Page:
The Drover’s Boy

An adventure novel.

Young Henry Hodgekin is pushed out of his home by his stepfather and sent to walk 600 geese to market with Torse, a cantankerous Irish drover. It is Cumberland of a century ago, the roads rough and danger lies ahead.

Man and boy clash. Torse is short-tempered and mean, Henry stubborn. Despite warnings that Torse is not to be trusted a bond develops. As they beg their way from door to door, selling geese at farms and cottages, Henry learns to face up to his fears on a journey that will change his life.

“Irvine Hunt’s writing shines. A richly written story.” – Westmorland Gazette

“This engrossingly told adventure will hopefully find its way into many school bookshelves.” – Cumbria Magazine

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Extract from Chapter 5

Drovers Boy - Chapter Head

DAWN WALLOPS

But it did not remain peaceful.

Shouting filled the paddock. Henry woke to find that it was dawn and a farmer was beating Torse furiously with a stick.

“Help! Your honour! Stop! I can explain!” yelled the drover. “Ouch! Ow! Stop!”

“Sneak your geese into my field, would you!” bellowed the farmer. “Take that, you varmint!”

Somehow the drover struggled clear and the blow missed.

Torse, however, did not stop yelling. “Your honour, you was asleep when we arrived! We was going to pay you at first light! On my honour we was!”

The farmer seemed to be twice the size of the drover, a bullnecked man with a big tanned face. He had had enough of passing geese fouling the grass.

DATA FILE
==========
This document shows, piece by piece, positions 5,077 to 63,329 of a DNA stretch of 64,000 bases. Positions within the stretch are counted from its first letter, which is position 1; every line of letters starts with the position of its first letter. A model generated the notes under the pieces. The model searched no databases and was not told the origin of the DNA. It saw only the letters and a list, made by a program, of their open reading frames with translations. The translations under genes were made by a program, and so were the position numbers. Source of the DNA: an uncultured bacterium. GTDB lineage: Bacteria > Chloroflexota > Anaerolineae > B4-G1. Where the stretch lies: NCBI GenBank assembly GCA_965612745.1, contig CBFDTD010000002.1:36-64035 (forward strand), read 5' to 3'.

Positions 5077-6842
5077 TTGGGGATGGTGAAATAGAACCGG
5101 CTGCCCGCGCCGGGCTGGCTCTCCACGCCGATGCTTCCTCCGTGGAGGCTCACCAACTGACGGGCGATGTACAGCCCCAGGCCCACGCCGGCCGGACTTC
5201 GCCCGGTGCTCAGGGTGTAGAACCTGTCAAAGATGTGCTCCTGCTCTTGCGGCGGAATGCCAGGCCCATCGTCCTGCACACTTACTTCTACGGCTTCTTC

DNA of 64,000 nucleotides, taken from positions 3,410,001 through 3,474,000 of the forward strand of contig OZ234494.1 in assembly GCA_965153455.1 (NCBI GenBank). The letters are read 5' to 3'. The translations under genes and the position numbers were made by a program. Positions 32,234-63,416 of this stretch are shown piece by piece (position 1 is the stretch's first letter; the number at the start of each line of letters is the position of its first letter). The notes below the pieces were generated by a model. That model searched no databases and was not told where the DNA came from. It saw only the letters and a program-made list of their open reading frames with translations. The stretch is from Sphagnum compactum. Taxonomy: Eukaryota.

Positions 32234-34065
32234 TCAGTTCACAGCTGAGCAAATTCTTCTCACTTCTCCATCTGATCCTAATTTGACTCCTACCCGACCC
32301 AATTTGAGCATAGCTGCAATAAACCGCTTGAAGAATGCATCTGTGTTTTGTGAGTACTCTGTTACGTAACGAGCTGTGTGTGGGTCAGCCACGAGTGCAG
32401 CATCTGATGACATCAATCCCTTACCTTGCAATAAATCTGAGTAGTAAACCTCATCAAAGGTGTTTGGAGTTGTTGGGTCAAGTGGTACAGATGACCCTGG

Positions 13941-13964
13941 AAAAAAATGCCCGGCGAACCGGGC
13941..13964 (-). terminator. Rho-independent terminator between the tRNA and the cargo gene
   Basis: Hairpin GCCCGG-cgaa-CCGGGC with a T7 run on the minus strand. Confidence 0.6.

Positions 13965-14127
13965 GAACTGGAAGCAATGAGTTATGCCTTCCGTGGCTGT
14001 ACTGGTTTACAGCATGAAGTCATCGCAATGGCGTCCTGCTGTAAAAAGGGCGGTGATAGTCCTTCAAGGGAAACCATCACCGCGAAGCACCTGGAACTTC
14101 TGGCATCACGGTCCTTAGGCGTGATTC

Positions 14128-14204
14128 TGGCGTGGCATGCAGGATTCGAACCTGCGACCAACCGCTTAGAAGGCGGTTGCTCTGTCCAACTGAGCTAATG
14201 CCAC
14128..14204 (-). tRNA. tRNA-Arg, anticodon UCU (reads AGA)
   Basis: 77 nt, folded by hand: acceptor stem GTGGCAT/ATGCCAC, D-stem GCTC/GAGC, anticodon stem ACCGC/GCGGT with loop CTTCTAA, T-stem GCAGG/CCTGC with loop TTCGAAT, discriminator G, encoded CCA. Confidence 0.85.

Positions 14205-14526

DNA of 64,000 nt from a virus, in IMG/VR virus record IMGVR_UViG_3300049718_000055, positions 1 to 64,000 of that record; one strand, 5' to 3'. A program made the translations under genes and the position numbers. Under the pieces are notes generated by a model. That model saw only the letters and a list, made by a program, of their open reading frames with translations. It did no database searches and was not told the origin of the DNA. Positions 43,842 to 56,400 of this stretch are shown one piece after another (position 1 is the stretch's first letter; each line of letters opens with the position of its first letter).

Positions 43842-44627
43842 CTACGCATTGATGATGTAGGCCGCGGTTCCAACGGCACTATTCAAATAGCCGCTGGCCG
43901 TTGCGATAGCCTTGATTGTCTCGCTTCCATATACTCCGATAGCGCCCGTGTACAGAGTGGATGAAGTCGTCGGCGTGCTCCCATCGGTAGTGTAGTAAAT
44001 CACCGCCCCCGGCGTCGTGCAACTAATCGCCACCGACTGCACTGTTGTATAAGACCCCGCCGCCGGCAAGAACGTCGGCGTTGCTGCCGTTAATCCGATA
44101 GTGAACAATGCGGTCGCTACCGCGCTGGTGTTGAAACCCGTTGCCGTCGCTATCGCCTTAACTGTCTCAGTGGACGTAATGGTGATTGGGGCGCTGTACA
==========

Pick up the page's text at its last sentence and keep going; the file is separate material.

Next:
“Get out!” he bellowed.

“At once, your honour! At once!” The drover waved frantically at Henry who was sitting in the ditch petrified. “Get up you EEJIT. The gentleman wants his field cleared!”

The farmer swivelled. “So! Two of you is there! And a dog! Well you can beggar off, the lot of you, before I get the constable!”

“A dog?” Torse stared wild-eyed at the ditch, but there was no time to explain.In a panic Henry and Torse scrambled to round up the geese. Under the farmer’s glare, they drove them towards the gate and only by chance did the flock find the gap at the first attempt. The birds poured through, Henry hot and bothered urging them on. Even so it seemed to take an age.

But it was not over. Some farmers took what money they could get but others preferred a good fight. As Torse grabbed up his coat, the man lunged and almost lifted him off the ground. Terrified, the drover awaited a first punch.

But it was money.

“That’ll cost you sixpence!” demanded the man. “For the night’s stay.”

“Oh, your honour, yes! Most generous,” gasped the drover. He struggled a hand into a pocket. “Sixpence! I have the very one here, your honour, if you’ll be letting me down now!”

The coin was snatched away.

“And a goose,” said the farmer, not letting go.

“Your honour?”

“A good fat one.”

The man’s grip tightened.

Torse, greatly alarmed, struggled madly and broke free.

“A goose, boy! Get the man a goose!”

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